From the Pat Finucane Centre:
The British Ministry of Defence has agreed to temporarily withdraw and amend its controversial military analysis of Operation Banner, the British Army codename for operations here between August 1969 and July 31 2007. Stephanie English of the PFC explained:
“The decision was prompted by a complaint we lodged on behalf of the family of Derry teenager Daniel Hegarty who was shot dead by British soldiers during Operation Motorman in the early hours of July 31 1972 in the Creggan estate, Derry. In July this year the Pat Finucane Centre alerted the media and public to the existence of the military document and highlighted a number of serious errors and gaps in the document. These included a
reference to Operation Motorman where it was claimed that Daniel Hegarty, an unarmed 15 year teenager, was a ‘terrorist’. We wrote to Defence Minister Des Brown in July and called from the document to be withdrawn and the reference to Daniel Hegarty corrected. We pointed out that (then NIO Minister) Des Brown had actually written to the Hegarty family in 2003 and had expressly clarified that “neither I nor the Government have ever said that Daniel was a terrorist.”
The Ministry of Defence have now replied and confirmed that, “As you state in your letter the Secretary of State has previously written letters to the effect that Daniel is considered innocent and we continue to stand by those comments. The paragraph in question is inaccurate and this should have been picked during proof reading, but unfortunately was not.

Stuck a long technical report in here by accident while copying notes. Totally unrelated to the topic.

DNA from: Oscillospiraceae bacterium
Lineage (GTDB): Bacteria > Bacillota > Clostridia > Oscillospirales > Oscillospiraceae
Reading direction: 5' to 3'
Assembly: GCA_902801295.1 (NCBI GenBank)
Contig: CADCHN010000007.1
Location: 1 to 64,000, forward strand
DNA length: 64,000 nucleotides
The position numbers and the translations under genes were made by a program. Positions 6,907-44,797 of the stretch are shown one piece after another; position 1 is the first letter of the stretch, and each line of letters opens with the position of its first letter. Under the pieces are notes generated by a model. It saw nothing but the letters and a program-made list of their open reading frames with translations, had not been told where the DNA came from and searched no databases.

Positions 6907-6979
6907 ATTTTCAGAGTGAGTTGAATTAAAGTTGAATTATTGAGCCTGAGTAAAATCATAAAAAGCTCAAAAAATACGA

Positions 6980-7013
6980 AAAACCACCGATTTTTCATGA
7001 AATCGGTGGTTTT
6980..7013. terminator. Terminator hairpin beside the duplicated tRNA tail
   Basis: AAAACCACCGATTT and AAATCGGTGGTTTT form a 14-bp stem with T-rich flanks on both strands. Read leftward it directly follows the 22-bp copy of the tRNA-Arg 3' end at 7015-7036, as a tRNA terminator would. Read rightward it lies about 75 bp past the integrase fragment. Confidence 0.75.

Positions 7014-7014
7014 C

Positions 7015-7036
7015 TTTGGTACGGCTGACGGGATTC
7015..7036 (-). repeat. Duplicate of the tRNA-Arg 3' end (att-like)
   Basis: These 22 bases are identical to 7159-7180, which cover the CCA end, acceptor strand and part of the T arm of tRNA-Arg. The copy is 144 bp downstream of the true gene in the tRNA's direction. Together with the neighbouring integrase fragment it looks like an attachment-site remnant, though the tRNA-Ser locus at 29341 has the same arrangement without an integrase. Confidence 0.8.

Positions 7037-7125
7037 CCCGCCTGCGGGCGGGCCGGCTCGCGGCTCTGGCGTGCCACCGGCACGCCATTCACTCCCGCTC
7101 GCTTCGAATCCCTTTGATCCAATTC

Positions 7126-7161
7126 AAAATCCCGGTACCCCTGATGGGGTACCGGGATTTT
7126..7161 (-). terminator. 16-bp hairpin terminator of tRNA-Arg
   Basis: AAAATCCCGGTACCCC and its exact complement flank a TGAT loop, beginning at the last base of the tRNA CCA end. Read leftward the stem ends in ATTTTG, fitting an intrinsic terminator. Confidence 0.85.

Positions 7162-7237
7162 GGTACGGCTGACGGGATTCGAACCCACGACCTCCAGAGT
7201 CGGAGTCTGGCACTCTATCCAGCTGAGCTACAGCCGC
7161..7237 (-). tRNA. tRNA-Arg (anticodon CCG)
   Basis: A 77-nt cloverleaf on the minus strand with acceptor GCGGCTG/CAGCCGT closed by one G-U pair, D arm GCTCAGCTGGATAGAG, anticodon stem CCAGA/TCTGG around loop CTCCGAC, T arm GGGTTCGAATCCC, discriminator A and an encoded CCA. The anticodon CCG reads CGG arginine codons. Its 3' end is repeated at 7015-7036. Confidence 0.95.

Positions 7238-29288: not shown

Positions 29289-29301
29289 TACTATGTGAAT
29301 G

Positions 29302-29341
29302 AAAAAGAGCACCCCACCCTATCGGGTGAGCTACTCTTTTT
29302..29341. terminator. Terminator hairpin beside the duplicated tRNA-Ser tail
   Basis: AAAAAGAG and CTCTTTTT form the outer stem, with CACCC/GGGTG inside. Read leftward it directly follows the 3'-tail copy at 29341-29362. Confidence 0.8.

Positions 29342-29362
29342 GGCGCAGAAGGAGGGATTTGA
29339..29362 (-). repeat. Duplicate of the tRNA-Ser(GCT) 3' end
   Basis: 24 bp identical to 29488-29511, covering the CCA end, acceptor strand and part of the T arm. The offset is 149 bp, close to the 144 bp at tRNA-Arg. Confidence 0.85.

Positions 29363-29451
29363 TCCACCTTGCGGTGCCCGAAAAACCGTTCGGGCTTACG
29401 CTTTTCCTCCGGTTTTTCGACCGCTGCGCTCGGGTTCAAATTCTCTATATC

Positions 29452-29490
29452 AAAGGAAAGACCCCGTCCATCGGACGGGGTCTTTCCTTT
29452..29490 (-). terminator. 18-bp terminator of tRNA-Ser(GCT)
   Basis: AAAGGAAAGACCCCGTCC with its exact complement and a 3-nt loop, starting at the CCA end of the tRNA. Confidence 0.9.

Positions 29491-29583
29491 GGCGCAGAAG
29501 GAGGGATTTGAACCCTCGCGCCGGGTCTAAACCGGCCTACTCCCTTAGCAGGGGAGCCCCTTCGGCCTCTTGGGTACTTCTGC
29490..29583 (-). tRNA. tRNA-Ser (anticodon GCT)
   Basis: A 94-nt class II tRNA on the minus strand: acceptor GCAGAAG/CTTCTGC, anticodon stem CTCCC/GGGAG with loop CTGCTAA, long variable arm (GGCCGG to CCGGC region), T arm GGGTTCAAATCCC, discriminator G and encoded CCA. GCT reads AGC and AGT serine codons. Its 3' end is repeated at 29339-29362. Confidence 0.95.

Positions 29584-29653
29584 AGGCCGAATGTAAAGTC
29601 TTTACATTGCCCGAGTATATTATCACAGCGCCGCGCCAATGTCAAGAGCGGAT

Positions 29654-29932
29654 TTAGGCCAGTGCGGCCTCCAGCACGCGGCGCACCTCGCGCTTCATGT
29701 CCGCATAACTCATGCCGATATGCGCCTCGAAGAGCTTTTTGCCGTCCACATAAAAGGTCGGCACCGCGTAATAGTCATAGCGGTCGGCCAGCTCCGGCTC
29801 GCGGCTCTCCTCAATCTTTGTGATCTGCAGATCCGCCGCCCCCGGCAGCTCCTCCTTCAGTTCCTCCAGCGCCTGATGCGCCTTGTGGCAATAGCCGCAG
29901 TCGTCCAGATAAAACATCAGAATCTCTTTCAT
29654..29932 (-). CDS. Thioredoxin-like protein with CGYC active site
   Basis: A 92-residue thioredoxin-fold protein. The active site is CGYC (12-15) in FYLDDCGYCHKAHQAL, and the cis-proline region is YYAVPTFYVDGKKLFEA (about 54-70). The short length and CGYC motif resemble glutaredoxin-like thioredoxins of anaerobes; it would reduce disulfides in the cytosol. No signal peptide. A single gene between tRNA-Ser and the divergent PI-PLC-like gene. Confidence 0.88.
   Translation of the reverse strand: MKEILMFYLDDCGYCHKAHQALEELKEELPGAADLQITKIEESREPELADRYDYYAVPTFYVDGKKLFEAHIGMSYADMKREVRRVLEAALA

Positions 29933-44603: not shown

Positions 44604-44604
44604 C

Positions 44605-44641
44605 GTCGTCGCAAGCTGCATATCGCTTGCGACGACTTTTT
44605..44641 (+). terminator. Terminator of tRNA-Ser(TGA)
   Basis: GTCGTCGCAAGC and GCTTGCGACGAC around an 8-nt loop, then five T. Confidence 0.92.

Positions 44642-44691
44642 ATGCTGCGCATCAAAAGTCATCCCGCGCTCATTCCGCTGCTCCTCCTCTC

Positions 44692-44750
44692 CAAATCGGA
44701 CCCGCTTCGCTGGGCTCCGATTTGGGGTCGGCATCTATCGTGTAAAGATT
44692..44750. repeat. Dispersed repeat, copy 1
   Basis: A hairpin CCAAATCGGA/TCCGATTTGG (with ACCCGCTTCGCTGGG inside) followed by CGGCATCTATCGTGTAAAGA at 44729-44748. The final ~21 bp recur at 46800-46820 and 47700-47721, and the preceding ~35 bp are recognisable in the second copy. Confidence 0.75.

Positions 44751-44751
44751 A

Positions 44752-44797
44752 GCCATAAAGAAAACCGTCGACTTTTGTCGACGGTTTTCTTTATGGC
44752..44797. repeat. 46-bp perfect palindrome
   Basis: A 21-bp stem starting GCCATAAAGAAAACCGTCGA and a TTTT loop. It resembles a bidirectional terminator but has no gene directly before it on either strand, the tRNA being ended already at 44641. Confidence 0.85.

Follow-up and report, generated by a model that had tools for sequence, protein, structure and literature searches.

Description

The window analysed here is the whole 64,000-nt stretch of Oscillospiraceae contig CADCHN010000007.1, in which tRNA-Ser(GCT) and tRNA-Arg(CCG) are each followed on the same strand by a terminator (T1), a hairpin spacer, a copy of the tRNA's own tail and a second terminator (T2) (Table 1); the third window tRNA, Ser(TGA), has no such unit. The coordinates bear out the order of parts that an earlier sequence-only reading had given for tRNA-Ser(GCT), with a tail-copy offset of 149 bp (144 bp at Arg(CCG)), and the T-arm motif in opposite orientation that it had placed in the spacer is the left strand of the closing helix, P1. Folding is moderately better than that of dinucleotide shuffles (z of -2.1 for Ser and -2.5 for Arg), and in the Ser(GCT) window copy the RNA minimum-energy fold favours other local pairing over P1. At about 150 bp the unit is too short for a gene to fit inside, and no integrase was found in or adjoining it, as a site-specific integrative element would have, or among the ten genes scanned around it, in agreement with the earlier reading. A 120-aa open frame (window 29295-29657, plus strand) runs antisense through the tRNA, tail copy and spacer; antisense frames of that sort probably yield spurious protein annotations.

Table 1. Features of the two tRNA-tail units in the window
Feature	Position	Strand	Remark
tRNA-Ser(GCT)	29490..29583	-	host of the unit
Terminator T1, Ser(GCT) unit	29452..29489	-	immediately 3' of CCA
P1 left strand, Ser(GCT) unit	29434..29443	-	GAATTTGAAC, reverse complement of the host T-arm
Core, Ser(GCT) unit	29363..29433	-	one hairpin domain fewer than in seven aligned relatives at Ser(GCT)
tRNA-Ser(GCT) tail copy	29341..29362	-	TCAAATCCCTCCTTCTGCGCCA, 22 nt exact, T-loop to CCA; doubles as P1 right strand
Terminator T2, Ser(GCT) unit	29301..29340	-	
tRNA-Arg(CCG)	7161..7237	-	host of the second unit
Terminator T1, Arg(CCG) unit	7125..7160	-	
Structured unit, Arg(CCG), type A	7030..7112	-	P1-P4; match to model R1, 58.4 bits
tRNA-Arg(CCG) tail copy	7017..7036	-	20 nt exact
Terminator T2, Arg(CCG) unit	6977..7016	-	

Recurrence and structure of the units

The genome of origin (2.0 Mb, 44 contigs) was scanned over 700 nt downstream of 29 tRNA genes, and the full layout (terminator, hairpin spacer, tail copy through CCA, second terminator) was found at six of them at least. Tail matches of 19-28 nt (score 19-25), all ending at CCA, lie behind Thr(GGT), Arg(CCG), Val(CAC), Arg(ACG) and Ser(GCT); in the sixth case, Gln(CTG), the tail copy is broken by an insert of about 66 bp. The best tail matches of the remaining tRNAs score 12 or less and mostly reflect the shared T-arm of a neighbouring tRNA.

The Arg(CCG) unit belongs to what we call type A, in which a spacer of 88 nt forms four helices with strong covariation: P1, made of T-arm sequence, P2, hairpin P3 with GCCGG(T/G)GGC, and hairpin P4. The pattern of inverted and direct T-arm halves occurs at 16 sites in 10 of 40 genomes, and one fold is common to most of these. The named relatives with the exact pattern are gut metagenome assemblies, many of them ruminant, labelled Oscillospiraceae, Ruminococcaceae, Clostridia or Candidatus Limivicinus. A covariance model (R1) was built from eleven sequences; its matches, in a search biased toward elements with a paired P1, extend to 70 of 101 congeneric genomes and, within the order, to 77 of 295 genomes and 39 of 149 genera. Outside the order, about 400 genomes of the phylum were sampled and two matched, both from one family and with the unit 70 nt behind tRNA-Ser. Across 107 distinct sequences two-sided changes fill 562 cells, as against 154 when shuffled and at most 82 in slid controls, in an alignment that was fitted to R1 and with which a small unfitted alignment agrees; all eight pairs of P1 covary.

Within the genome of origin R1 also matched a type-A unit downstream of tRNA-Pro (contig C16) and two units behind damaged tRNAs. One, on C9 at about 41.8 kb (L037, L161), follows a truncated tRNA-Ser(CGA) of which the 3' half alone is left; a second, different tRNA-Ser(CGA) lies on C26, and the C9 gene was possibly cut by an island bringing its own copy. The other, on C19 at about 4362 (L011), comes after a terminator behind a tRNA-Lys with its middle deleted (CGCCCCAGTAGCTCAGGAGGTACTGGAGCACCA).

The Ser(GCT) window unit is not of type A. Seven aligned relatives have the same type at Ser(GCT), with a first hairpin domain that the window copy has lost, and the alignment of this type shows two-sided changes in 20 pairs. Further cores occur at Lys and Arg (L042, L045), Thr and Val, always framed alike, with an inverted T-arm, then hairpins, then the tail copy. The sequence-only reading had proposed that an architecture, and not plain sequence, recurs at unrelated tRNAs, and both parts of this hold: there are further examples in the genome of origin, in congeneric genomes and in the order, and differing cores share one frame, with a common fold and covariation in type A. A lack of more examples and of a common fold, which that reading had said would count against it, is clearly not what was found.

The MOD spokesperson continued, ” I recognise the considerable distress this must have caused the family and
I have instructed the report be removed from our website and an amended version produced. I would also like to offer my sincere apologies to Daniel’s family.
Daniel’s sister Margaret Brady has welcomed the belated recognition of the hurt caused to the family. “I welcome the fact that this document is to be amended. Its wrong that we should have to fight to clear Daniel’s name when the wrong was done to us in the first place. I only wish they would accept that the British Army shot many many people without justification and where they posed no threat. Young Seamus Bradley was shot that same night and his inquest found that he was unarmed.
Stephanie English of the PFC said, “To be honest we were in for the long haul and thought that much more pressure would be needed but it seems that very few people in Whitehall are willing to stand over this document which is littered with inaccuracies, exaggerations and deeply racist assumptions. We do feel it important to set the record straight. It’s a pity that the other rubbish cannot be corrected but at least this represents a small victory for the Hegarty family.
Contact the PFC at 02871 268846 for more information. The Hegarty family have requested that the media not contact them for private family reasons.